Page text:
Whether February 2009 finds you humming along in a nonprofit role you love, struggling to find new ideas to keep your organization afloat, or temporarily between jobs – there are great opportunities for learning, networking, or expanding your thinking on the horizon.
March 17 – Indiana Nonprofit Town Meeting
Focus – last year’s inaugural event attracted more than 300 participants who explored issues about the role of nonprofits in our communities and contributed to a national discussion about what the sector can and should be doing.
Speakers – Nationally recognized keynotes
Format – Keynote speakers with lots of breakouts and group discussions
April 30 – Think Now, Think Next - Securing the Future 2009 - Cincinnati
Focus – This event has been co-hosted by Leadership Cincinnati and the Cincinnati Chamber of Commerce for the past 8 years with typical attendance in the 300+ range. This year’s format brings nationally known speakers on future trends and nonprofit management plus a little populous appeal (Exec Dir of the Oprah Foundation).
Format – extended time with each speaker, discussion to apply their ideas to your organization.
I don’t know about you, but I have had about enough of the language of gloom and doom. I restated the title of this article in a more positive tone, you’ll see the real title on the link. The author does a very nice and succinct job of sharing how we can better relate to our supporters under any circumstances. It’s a short read and gets you thinking. Share your thoughts.
Thank you to Marta Fetterman at Indiana Youth Institute for sharing Bill Gates first annual letter since he moved from Chairman of Microsoft to the Gates Foundation. He shares some really interesting insights about the intensity of business and nonprofit work, the similarities he sees and the differences. He also gives some insight into foundation projects that have not achieved the results they had hoped and how the foundation determines where to invest next. Read the full article and share your thoughts.
My find this week was the transcript from a presentation in New York City last fall that challenged arts organizations to look at their work and their audiences in new ways. I am not often one to read a 13 page article but it kept me engaged and got me thinking. I also saw many ideas and principles that would apply beyond the arts world. My thanks to Heather Hallenberg of the Fine Arts Fund in Cincinnati for sharing it with me. The Fine Arts Fund raises $12 million a year from a workplace giving campaign and provides capacity building for local arts organizations. They are preparing to kick off their 2009 campaign (see the video).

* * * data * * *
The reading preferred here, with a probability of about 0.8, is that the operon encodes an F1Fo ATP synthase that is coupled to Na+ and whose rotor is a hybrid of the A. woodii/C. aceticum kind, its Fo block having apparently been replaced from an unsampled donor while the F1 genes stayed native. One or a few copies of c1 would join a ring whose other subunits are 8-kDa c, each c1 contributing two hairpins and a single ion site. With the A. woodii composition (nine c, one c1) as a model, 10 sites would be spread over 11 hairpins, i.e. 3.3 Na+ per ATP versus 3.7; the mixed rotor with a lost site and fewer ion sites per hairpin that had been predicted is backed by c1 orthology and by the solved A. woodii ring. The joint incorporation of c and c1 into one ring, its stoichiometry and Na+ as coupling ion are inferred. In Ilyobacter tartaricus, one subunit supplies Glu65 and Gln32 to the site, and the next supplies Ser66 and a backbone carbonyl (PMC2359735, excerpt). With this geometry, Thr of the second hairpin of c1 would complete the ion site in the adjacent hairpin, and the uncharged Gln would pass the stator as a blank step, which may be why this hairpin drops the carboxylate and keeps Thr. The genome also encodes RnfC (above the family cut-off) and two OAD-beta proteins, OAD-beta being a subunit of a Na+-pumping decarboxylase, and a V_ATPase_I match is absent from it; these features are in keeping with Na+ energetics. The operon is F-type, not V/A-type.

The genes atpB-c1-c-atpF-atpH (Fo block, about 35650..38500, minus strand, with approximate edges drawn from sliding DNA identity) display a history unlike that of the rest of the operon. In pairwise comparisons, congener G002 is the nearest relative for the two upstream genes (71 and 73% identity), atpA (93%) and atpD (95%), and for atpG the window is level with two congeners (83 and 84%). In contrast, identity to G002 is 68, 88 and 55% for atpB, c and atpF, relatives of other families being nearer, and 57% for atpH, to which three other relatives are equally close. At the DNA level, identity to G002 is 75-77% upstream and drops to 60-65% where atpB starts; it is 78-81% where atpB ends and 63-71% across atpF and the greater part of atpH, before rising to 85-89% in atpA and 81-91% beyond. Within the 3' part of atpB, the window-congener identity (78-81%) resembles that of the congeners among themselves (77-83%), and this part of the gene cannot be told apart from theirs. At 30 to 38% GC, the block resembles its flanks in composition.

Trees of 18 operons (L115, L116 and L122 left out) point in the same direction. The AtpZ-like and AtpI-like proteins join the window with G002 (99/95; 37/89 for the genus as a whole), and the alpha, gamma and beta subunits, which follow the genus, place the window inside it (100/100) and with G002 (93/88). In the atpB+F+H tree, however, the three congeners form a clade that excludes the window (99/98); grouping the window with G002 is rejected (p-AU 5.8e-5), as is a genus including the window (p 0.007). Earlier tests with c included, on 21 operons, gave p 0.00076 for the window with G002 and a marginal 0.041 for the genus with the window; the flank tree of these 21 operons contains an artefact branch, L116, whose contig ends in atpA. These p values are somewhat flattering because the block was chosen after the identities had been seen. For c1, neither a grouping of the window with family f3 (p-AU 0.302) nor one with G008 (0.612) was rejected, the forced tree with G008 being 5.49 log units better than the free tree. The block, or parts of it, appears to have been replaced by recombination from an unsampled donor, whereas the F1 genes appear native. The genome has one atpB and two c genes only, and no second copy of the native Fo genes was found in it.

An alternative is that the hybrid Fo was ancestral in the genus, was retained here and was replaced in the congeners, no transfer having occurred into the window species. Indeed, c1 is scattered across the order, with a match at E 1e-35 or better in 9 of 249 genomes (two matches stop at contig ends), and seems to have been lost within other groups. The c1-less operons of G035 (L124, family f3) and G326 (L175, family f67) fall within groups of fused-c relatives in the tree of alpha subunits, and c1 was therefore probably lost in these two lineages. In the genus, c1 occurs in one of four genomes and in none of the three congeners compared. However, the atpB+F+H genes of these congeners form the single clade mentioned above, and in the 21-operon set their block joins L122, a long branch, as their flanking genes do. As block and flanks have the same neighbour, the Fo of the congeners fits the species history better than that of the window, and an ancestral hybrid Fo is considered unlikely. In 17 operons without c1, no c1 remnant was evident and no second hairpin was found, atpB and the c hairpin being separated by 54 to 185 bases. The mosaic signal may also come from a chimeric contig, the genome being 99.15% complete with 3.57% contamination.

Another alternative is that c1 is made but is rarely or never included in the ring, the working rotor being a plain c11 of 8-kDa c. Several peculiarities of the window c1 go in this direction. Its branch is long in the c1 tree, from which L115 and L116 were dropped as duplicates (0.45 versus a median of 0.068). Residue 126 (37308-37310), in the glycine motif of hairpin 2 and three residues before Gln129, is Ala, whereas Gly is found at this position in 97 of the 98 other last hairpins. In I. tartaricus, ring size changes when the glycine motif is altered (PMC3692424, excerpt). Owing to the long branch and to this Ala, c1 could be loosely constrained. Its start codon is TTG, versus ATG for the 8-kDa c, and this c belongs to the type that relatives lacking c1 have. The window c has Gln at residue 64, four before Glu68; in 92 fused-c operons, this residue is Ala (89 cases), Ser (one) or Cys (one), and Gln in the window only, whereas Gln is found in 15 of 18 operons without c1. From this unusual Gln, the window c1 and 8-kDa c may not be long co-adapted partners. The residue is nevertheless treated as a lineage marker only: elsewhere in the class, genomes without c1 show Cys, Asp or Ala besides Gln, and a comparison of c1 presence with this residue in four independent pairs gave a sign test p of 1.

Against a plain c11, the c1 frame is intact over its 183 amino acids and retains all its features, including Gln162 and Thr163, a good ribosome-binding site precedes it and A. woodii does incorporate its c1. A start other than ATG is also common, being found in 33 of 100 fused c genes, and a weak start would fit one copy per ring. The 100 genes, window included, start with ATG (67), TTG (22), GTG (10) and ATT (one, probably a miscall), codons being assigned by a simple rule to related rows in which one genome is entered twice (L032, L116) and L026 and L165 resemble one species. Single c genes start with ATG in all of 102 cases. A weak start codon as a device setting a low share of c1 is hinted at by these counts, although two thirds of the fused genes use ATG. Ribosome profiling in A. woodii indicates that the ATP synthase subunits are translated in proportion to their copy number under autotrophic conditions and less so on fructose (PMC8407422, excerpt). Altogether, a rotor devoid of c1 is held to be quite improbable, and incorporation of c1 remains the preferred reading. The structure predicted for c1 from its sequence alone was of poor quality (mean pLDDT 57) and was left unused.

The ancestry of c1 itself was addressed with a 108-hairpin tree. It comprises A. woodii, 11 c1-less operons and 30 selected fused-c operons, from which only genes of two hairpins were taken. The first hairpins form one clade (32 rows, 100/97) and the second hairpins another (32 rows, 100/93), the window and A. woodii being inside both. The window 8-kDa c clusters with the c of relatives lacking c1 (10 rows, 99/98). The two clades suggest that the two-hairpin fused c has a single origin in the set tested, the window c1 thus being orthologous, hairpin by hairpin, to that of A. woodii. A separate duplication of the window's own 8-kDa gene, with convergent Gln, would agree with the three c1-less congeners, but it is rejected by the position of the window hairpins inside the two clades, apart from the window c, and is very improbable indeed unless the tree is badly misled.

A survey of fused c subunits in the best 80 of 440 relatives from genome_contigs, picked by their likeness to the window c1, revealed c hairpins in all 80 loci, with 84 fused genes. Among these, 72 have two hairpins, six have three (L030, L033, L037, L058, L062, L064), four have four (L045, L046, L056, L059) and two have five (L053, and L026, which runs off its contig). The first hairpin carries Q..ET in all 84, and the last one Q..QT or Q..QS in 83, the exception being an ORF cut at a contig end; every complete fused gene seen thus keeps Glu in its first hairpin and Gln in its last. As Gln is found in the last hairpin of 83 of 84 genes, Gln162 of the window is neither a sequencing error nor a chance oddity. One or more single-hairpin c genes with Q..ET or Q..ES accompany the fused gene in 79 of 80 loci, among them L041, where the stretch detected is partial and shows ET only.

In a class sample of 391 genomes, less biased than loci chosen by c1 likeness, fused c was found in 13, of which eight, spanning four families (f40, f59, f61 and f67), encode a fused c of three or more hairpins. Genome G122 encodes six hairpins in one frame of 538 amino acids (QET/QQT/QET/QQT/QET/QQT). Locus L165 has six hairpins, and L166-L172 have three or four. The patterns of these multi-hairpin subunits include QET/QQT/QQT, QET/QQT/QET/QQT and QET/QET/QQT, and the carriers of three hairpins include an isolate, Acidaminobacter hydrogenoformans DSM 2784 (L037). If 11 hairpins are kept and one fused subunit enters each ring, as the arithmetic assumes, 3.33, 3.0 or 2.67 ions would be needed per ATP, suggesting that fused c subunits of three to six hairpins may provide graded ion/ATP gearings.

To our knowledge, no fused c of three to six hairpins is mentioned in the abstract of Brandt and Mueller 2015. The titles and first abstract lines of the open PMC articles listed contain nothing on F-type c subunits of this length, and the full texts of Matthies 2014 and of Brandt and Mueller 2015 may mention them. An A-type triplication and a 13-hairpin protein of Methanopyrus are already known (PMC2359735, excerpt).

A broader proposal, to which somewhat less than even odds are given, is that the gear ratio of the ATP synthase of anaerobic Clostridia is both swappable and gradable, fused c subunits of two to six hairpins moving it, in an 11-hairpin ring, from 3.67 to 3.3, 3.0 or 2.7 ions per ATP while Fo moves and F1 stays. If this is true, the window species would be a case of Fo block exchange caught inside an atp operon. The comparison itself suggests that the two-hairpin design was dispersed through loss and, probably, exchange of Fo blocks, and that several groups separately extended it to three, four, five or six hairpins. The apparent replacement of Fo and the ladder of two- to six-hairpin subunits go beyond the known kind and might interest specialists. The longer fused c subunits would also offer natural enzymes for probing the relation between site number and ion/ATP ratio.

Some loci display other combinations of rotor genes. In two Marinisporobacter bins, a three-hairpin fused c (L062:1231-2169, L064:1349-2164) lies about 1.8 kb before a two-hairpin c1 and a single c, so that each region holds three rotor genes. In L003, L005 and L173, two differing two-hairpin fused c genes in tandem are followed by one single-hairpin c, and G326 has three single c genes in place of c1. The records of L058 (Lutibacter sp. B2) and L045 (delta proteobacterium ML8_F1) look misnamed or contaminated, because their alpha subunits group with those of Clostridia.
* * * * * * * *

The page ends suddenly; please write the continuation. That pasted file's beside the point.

Excerpt from “Surviving the Culture Change” – Diane E. Ragsdale
“Last summer, on the recommendation of Ruby Lerner at Creative Capital, I read the book Deep Survival by Laurence Gonzales. Gonzales spent years trying to understand why some people survive harrowing circumstances-like an avalanche-and others do not.
I was particularly interested in a chapter in which he examines how people get lost. Gonzales explains that the way we navigate in life is by forming and following mental maps: literally pictures in our minds of particular areas or routes. Gonzales says you get lost when you "fail to update your mental map and then persist in following it even when the landscape," (the real world), "tries to tell you it's wrong."' Edward Cornell, one of the scientists Gonzales showcases in the book, gives an example of this. He says, "Whenever you start looking at your map and saying something like, 'Well, that lake could have dried up,' or 'That boulder could have moved,' a red light should go off. You're trying to make reality conform to your expectations rather than seeing what's there. In the sport of orienteering, they call this 'bending the map.’
Gonzales describes five stages that a person goes through when lost, which correlate with Elizabeth Kubler-Ross's stages of dying: denial, anger, bargaining, depression, and acceptance. Gonzales says that the final stage-acceptance-is the one that separates those that survive from those that don't. Here's how he describes it, "... as you run out of options and energy, you must become resigned to your plight. Like it or not, you must make a new mental map of where you are." Not where you wish you were.”